Option 2: On the DVDO go to the Audio settings and set the audio out to use the Optical output cable. That will make it so that the audio and video use different cables. At this point you have completely bypassed the TV's audio circuitry. Doing so may introduce lip-sync issues (it doesn't on my TV), but you should be able to correct this by adding some delay in the DVDO audio settings.

I don't know anything about your specific speakers, but I assume they have a remote control for changing the volume. Option 1 may allow you to use the TV's remote to control volume directly, or (hopefully) you can program your TV's remote to control the speakers' volume. Otherwise you'll need to use your speakers' remote.

Tim
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post #7198 of 7287 Old 04-04-2016, 11:49 AM
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Frankie-
"What settings do I need to configure for each source to make sure the source's ..."
You have two options:

Option 1: On the DVDO go to the Audio settings and set the HDMI audio out to be the same as the HDMI Video out (instead of having the audio be sent via the 2nd HDMI output). That will make it so that the audio and video both use the same cable. After that, it is up to your TV to make sure the audio goes to external speakers. My TV (a Samsung JS8500) does that via a speaker option. Actually, it allows me to send it to both its own speakers and to external speakers (via optical out), or just to external speakers. I send audio to both my amp and my TV, but turn the TV volume down to 0 most of the time. That way I can turn on the TV and use its sound to catch the weather report and not need to turn on the amp.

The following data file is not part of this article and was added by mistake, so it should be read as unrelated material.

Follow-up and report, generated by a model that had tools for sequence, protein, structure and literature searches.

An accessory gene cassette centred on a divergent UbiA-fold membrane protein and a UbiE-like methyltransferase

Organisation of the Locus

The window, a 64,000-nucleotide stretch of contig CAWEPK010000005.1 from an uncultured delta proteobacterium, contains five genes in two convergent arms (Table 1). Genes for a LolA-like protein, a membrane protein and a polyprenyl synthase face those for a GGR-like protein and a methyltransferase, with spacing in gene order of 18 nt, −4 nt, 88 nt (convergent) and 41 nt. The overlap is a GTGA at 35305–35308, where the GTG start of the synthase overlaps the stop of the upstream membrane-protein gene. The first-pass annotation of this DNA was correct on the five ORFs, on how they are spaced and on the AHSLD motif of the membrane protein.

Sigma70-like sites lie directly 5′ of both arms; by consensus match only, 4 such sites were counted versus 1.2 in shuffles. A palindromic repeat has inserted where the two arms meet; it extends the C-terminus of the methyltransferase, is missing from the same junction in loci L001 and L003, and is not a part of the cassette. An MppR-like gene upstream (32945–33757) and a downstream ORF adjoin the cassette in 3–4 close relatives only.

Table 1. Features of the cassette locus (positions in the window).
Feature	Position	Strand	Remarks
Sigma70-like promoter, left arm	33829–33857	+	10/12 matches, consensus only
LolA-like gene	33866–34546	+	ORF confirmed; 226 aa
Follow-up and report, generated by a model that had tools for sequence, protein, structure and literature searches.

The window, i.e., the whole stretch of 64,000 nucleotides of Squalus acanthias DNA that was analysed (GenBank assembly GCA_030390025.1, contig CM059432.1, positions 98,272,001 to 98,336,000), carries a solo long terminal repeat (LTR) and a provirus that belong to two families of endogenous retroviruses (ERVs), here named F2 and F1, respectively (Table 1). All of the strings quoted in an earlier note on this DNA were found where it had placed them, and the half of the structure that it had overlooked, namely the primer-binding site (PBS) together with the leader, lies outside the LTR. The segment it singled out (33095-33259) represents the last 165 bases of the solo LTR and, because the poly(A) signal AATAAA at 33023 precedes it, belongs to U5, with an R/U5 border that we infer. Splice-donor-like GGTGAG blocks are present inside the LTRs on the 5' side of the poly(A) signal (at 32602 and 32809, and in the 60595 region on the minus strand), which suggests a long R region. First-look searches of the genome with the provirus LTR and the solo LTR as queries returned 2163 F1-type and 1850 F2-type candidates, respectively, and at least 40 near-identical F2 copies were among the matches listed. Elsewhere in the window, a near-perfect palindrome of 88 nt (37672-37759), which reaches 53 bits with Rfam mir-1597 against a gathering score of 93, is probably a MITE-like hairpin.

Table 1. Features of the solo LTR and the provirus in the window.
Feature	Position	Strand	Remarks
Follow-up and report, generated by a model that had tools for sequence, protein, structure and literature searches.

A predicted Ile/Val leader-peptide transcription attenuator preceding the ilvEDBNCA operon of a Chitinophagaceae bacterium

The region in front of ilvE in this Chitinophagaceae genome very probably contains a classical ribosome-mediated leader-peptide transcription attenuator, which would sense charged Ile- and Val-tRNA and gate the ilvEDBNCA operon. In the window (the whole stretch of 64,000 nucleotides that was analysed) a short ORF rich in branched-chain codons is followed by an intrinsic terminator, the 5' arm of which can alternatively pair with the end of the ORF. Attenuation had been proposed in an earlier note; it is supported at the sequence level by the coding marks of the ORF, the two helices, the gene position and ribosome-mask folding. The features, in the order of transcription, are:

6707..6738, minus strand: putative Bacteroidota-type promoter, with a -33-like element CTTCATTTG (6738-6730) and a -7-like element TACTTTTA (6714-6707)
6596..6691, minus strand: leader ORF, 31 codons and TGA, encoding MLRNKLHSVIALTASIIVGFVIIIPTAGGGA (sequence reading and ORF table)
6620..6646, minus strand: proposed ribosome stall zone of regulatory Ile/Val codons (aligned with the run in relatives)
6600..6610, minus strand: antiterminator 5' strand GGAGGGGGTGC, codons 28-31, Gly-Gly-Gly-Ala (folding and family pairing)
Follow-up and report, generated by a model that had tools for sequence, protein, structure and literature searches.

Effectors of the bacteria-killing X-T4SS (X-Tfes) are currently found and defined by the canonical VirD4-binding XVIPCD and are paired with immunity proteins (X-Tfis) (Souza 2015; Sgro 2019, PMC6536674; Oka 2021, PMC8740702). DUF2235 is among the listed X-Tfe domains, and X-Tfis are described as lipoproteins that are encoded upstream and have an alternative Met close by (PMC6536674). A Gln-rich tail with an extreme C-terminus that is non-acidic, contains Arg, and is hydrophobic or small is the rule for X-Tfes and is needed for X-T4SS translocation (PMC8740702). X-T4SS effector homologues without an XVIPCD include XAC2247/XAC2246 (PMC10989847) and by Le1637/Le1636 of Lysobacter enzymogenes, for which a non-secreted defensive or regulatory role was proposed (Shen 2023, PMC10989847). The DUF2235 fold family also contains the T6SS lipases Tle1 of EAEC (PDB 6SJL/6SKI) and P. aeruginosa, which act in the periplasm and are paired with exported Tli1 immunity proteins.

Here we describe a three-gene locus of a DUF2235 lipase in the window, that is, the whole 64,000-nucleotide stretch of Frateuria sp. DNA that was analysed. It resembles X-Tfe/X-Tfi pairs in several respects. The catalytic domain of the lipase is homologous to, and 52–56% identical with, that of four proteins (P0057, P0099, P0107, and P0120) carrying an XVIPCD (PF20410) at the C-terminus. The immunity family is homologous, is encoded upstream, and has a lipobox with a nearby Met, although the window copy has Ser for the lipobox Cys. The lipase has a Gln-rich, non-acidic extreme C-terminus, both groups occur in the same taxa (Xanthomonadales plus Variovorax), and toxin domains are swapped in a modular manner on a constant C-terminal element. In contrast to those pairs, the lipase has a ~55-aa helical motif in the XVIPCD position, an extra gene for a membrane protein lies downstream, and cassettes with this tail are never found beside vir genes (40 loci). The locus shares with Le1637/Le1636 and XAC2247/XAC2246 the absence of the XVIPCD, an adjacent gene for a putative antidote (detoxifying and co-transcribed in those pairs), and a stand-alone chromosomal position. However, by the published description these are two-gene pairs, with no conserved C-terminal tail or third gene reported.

Option 2: On the DVDO go to the Audio settings and set the audio out to use the Optical output cable. That will make it so that the audio and video use different cables. At this point you have completely bypassed the TV's audio circuitry. Doing so may introduce lip-sync issues (it doesn't on my TV), but you should be able to correct this by adding some delay in the DVDO audio settings.

I don't know anything about your specific speakers, but I assume they have a remote control for changing the volume. Option 1 may allow you to use the TV's remote to control volume directly, or (hopefully) you can program your TV's remote to control the speakers' volume. Otherwise you'll need to use your speakers' remote.

Tim
Thanks so much Hyrax! Option 1 was what I was planning to do, but I just wanted to make sure I was understanding correctly. I will pull the trigger on the A5+ speakers. I hope I like them!
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post #7199 of 7287 Old 04-04-2016, 12:43 PM
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The use of outboard DACs is quite common in many audiophile circles and also is a complete waste of money, due to there being no improvement in sound in most instances. From an audio engineering perspective we concurred all the problems with DACs decades ago.